The most harrowing moment for Lindsey Van Wingerden during the alleged brutal attack on her family Friday night came when she managed to get away from a mob of females who were beating her to rush to the aid of her father, NASCAR veteran Mike Wallace, as he lay unconscious on the ground.
“My husband was holding my father’s head in his hands,” the 31-year-old event planner tells PEOPLE. “They were both covered in blood. I didn’t recognize either one of their faces. When I got to my dad, I kept saying, ‘Dad, wake up! Wake up!’ He was laying on his side and wasn’t moving at all.
“At that point there, I thought my dad was dead.”
The frightening attack came just before 11 p.m. on Friday as Wallace, 57, his wife, daughter and son-in-law were leaving a Rascal Flatts concert at the PNC Music Center in Charlotte, North Carolina, where they regularly attend events.
They had parked in a reserved stall in the Premier Parking Section behind a group of people that included the three North Carolina men who allegedly attacked them.
Nathan Lucas, 22, and Randolph Mangum, 24, were arrested and charged with simple assault, according to the Charlotte Police Department. They each posted a $1,000 bond.
Paul Lucas, 29, was charged with assault on a female and was released on a $1,500 secured bond. All three are scheduled to appear in Mecklenburg County Court on July 22.
While Van Wingerden says more than three people attacked the family, the three men were the only ones arrested “because the others scattered when the police got there,” she says.
Wallace Speaks Out
When Wallace and his family arrived at the venue hours earlier, he says that he said hello to the group after they parked the SUV. “I always say hello to everybody,” he tells PEOPLE. “I talk to everybody.”
The group seemed friendly, says Wallace, especially since “one of the kids who ended up attacking us later was kind of humorous when he waved us into our parking spot.”
All that changed when Wallace and his family returned to their SUV after the show.
Since his daughter’s SUV was parked up against the back of one of the men’s trucks, Wallace had to pass in between the vehicles to get to the passenger side, where he planned to sit for the ride home.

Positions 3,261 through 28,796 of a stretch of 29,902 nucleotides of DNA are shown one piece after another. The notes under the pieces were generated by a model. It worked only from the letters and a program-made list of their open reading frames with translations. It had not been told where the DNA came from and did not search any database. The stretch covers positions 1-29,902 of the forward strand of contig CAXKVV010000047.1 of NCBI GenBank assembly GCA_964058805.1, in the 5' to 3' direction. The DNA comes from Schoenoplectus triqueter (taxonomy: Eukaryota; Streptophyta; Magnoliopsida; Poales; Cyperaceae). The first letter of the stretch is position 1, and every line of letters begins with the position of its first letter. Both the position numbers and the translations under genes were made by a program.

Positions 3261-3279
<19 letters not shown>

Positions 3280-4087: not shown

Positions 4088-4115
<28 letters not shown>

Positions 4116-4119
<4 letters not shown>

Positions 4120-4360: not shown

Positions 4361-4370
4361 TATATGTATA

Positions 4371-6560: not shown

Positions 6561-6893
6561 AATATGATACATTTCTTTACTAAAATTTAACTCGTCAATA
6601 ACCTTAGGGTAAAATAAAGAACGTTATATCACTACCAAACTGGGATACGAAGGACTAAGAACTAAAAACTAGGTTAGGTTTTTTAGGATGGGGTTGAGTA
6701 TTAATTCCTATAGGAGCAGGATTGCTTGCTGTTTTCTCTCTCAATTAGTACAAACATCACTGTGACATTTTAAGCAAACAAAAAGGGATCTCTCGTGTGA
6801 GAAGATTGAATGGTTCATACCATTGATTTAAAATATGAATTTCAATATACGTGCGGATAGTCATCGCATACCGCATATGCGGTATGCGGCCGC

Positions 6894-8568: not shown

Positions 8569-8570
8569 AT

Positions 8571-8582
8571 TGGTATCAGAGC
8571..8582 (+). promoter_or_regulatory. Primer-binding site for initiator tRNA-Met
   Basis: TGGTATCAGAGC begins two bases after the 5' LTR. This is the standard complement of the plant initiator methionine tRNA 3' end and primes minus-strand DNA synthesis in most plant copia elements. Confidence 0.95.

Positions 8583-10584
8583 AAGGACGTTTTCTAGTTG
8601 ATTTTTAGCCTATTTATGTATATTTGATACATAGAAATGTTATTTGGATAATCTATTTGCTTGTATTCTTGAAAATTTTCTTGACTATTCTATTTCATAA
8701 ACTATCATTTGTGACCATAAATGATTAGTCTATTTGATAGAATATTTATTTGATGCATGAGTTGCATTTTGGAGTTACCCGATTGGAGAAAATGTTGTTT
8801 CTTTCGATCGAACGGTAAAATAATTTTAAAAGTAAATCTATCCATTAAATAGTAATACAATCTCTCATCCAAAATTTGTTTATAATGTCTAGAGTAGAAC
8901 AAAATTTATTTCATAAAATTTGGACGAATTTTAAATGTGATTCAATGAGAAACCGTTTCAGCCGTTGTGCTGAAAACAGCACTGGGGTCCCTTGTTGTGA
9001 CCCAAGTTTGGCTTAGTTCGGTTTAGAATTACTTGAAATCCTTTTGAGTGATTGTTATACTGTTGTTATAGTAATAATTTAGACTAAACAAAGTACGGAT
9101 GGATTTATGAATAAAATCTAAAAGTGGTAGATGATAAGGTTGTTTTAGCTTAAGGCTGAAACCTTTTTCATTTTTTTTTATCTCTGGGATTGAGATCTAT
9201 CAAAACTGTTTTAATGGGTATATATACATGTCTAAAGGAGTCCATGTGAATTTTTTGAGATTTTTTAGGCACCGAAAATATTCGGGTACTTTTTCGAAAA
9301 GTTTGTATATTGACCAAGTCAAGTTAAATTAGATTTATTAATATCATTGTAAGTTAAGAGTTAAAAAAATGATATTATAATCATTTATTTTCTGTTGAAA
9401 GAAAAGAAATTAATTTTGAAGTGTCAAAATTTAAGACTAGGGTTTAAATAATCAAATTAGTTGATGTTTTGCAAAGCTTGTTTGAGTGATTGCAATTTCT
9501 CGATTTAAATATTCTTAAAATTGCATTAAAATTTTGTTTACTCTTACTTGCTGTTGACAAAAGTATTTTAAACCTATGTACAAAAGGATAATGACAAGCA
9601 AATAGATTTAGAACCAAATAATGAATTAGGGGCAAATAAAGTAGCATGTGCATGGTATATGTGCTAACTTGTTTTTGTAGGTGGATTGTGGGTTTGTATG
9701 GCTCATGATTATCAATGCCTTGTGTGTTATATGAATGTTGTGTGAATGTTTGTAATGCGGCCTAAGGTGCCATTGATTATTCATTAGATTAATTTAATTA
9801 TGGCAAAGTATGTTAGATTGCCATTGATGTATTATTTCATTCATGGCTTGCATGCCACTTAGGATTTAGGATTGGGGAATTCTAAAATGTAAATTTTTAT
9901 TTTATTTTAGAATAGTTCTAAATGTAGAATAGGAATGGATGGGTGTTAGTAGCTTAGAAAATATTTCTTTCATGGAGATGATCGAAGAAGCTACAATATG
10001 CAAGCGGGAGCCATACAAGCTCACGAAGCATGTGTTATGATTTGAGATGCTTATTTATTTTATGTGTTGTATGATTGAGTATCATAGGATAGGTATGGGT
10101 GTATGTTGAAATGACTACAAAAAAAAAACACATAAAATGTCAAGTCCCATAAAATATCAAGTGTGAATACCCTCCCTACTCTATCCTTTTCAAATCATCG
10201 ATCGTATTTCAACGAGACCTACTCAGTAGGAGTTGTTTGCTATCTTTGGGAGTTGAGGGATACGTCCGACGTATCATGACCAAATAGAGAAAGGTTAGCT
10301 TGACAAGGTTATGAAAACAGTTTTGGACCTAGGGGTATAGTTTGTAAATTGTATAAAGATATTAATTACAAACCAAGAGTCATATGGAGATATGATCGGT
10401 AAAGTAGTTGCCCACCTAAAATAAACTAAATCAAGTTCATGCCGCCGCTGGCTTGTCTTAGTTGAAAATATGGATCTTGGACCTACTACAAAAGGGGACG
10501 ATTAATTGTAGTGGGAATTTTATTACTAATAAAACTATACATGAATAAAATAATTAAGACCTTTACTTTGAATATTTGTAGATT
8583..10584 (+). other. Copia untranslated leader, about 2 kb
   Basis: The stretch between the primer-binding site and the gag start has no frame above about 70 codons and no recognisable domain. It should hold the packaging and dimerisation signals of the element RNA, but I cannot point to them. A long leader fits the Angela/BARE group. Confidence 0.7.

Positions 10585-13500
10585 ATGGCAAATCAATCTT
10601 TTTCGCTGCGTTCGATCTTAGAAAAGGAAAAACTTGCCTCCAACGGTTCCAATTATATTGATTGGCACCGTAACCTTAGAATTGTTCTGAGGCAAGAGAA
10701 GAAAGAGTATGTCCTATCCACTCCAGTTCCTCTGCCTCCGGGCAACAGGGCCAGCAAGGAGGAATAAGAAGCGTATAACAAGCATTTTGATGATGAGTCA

“As I’m walking there, I said to one of the guys, ‘Hey, man. How was the concert?’ ” Wallace says.
“All of a sudden one of the people who assaulted us started screaming and cussing. I don’t know if it was directed toward us or randomly toward everyone, but he said, ‘Shut the (expletive) up you (expletive) and other things.
“I said, ‘Dude. What is wrong with you? What’s the problem?’
“The next thing I remember is being punched in the face,” he says. “I felt pain that I have never felt in my life. One of the three proceeded to knock me out. He shoved my front tooth back, damaged my eye. My teeth are all messed up. They cut the back of my head.
“I don’t remember anything until I woke up.”
While he was unconscious, his daughter, son-in-law and wife tried to stop the three men from kicking him repeatedly in the face.
When Van Wingerden tried to pull the attackers off of her father and shield him with her own body, “that’s when I got pulled by a mob of eight women who was with them,” she says. “One of them had her hand around my throat. Another one grabbed my hair and pushed me down to the ground. They were kicking and kicking me. I was laying in the fetal position and yelling for help. I looked over at my dad, who was on the ground, and I just saw these guys kicking my dad over and over.”
When Van Wingerden’s mother came to her daughter’s aid, “they went after my mom,” who was left bruised and battered, she says. They also attacked her husband when he tried to intervene, she says.
Wallace says that when he woke up and saw his daughter laying on the ground after she had been pushed down again, his heart broke.
“I am a father, first and foremost,” he says. “To see my daughter who is a little bitty, nice, petite young lady who wouldn’t harm a fly on the ground and these animals beating on her was hard.”
When Van Wingerden managed to free herself again from the mob who was attacking her, she ran to her father’s side again, begging the three men to quit, saying, ” ‘He had triple bypass surgery! Please stop!’ But they didn’t. They just kept going and going.”
While they were kicking her on the ground, a friend of hers who came upon the scene “even yelled to them to stop, saying I am pregnant, which I am not, to get them to stop, but they still kept kicking me.”
While Van Wingerden was trying to help her father, one of the men “was swinging at me,” she says. “Then two other guys came over to fight my husband and dad, so it was five on two. It was a bad deal.”